The Internet is a library that is open 24 hours a day, needs no library card and features no “Shhh” signs. But the wise writer knows it’s not the only research source.
As a young reporter, I was fortunate to have a reference librarian in my family: my older brother, Jeff.
For the first several years of my career, when I worked at small newspapers that didn’t employ librarians, a call to Jeff was one of my first reporting steps. He introduced me to the Encyclopedia of Associations, brainstormed ideas, and searched card catalogues for books that added depth to my reporting.
In the years to come, other research professionals became invaluable collaborators on stories. (Unable to afford a house on a librarian's salary, Jeff eventually got a job on Wall Street. "I'm doing the same thing," I recall him telling me when he started the job. "They just pay a lot more for the information.")
These days, I rely on David Shedden, Director of the Eugene Patterson Library at Poynter, and his always helpful staff: Kathy Holmes, Maria Jaimes and Jean Wood.
A librarian can save you time, help you avoid research cul de sacs and, before you can say Dewey Decimal, locate the fact that will help make your stories accurate. In our Googling era, an informed, curious, and patient mind remains the best search engine.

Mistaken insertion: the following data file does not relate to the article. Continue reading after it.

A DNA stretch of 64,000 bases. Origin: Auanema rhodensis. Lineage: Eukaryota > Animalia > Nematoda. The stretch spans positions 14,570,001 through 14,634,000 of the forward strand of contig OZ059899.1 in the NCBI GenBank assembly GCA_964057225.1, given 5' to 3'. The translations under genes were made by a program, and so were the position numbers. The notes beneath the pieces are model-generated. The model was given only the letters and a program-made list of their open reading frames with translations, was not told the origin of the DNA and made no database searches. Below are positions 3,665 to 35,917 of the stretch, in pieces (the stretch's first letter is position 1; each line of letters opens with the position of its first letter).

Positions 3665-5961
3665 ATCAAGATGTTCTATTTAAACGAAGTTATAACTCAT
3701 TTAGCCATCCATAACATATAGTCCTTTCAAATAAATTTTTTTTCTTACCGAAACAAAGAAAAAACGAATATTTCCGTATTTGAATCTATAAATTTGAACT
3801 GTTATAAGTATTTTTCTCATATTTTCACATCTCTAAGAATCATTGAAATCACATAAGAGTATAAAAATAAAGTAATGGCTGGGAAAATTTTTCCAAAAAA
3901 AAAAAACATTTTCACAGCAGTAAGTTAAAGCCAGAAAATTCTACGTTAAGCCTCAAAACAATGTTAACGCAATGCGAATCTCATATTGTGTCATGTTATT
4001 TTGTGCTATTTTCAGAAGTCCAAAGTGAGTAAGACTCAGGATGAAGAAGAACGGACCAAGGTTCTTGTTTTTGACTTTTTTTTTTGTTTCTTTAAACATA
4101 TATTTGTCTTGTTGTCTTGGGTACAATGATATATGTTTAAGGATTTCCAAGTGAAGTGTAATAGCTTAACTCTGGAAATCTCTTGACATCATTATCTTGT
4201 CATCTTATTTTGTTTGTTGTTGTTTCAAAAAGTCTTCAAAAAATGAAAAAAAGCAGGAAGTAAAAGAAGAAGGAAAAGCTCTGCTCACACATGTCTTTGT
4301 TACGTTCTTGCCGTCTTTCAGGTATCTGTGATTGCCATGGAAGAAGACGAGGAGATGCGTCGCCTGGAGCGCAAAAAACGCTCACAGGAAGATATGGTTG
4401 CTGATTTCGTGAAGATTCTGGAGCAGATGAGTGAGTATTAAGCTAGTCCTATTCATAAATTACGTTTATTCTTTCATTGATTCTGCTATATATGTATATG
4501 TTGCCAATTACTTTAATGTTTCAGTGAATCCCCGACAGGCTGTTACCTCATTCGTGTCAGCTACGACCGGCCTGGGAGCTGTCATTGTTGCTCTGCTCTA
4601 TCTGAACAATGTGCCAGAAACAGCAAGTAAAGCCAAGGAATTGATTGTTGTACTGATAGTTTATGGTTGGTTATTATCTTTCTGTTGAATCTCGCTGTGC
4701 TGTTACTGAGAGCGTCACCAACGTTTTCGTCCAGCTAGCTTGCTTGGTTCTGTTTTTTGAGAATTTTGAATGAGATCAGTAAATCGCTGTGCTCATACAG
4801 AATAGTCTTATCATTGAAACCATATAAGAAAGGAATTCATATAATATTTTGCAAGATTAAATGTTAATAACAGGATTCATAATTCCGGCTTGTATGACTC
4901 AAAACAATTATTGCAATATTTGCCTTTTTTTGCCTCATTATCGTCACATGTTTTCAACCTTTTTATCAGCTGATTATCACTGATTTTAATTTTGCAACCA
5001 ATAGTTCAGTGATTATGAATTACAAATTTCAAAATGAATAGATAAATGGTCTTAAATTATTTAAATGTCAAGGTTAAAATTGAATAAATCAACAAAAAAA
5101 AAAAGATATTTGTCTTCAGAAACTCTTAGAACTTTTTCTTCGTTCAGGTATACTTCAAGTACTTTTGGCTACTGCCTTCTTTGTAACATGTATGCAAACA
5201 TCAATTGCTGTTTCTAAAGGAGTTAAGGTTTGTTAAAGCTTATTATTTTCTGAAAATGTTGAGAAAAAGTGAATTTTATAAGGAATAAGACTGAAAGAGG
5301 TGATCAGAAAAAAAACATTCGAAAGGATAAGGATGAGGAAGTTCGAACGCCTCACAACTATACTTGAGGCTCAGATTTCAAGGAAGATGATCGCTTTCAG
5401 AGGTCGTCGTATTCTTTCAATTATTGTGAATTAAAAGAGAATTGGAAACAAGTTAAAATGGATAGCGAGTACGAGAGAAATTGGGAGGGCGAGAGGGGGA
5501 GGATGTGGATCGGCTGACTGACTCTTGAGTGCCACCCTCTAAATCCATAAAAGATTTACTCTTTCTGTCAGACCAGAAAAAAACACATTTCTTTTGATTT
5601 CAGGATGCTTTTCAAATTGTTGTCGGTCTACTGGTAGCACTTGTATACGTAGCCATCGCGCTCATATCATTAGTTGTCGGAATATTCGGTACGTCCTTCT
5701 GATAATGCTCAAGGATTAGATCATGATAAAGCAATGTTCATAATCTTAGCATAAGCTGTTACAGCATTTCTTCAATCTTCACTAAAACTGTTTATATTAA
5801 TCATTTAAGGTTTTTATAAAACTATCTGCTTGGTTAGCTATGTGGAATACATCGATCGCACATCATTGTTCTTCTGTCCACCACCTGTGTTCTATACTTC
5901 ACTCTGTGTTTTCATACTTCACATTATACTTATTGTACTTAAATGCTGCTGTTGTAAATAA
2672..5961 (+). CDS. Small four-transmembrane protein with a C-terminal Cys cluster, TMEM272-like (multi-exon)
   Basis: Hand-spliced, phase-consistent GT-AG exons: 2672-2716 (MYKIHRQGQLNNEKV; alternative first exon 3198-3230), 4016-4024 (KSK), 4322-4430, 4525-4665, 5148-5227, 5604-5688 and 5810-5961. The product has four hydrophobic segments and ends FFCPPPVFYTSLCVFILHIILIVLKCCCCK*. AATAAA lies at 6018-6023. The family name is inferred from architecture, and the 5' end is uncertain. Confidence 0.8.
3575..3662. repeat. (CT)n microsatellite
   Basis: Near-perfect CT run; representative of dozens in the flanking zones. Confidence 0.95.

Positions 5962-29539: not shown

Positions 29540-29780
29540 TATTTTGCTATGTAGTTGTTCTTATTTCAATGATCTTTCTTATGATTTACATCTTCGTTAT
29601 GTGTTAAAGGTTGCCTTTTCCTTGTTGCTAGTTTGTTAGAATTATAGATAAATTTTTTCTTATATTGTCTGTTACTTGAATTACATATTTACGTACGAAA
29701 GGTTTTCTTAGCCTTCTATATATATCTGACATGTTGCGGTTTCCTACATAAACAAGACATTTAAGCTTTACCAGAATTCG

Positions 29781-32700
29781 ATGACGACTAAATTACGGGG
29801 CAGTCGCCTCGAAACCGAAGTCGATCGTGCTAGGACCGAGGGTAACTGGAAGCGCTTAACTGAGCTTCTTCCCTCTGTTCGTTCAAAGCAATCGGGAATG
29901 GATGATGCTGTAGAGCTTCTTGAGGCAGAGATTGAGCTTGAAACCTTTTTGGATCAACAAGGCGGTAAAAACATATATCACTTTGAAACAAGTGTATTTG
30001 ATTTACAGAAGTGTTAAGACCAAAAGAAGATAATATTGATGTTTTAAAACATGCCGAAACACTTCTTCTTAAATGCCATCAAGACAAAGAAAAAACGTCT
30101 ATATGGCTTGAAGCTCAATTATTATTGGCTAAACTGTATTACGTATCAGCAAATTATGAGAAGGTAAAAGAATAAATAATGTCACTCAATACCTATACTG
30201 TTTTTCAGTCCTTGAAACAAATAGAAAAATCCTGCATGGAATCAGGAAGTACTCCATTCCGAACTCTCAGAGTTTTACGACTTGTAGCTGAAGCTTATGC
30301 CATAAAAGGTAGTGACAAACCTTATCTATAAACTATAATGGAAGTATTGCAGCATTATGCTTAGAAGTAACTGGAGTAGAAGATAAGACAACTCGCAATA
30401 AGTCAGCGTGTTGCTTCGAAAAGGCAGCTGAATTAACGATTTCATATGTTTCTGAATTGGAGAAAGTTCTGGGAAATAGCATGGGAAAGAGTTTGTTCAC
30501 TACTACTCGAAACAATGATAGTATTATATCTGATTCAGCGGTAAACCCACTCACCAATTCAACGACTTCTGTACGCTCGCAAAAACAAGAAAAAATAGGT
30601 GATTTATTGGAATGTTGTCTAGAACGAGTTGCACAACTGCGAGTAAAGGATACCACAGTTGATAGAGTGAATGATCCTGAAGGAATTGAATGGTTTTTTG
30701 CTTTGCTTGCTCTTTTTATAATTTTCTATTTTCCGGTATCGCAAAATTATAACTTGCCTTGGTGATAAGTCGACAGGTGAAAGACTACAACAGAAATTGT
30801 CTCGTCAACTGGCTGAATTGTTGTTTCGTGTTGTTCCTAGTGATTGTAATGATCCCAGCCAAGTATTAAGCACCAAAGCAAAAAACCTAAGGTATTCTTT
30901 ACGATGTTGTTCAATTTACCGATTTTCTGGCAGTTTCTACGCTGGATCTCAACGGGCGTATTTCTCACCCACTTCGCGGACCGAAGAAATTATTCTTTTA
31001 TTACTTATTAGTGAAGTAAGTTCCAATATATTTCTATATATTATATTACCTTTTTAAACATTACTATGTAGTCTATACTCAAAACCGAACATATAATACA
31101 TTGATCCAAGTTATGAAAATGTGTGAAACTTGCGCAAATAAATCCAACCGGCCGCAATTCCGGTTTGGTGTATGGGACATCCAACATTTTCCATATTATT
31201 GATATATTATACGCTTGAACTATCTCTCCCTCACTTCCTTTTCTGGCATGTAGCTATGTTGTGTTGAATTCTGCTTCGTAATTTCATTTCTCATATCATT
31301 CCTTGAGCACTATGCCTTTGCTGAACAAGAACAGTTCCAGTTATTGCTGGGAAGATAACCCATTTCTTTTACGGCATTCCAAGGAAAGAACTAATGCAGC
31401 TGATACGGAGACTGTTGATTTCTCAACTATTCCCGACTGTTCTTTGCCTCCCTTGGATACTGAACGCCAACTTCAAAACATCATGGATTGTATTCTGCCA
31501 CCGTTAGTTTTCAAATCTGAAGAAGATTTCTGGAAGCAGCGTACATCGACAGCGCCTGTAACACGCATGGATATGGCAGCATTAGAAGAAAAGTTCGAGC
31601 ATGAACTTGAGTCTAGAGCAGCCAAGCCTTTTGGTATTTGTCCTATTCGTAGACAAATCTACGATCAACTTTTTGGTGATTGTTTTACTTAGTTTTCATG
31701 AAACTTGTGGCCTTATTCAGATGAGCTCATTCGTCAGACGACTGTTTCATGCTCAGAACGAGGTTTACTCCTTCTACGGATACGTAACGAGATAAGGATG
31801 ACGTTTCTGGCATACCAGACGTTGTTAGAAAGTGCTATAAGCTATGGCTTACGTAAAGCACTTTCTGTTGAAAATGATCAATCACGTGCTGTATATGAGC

An exciting new feature on emdashes, the blog that takes us between the lines of The New Yorker, has resurfaced the memory of those desperate phone calls to Jeff at the Greenwich Public Library when I was scrambling to get up-to-speed on a topic I knew nothing absolutely about and had to write about it in a few hours. I admit journalism's not rocket surgery; it's harder.
Emily Gordon, emdashes' creator, has just delivered on her promise of a monthly column written by the magazine's senior library staff. In a promising debut, Jon Michaud and Erin Overbey tackle A.J. Liebling's start at the magazine; the status of typewriters in the New Yorker's digs; and an illuminating revelation about the fact-checking of cartoons.
And best of all, you can, through emdashes, submit questions to the pair. Let's see, how many rejections did it take before the magazine published a short story by Bobbi Ann Mason?
Image source: Northport-East Northport (NY) Public Library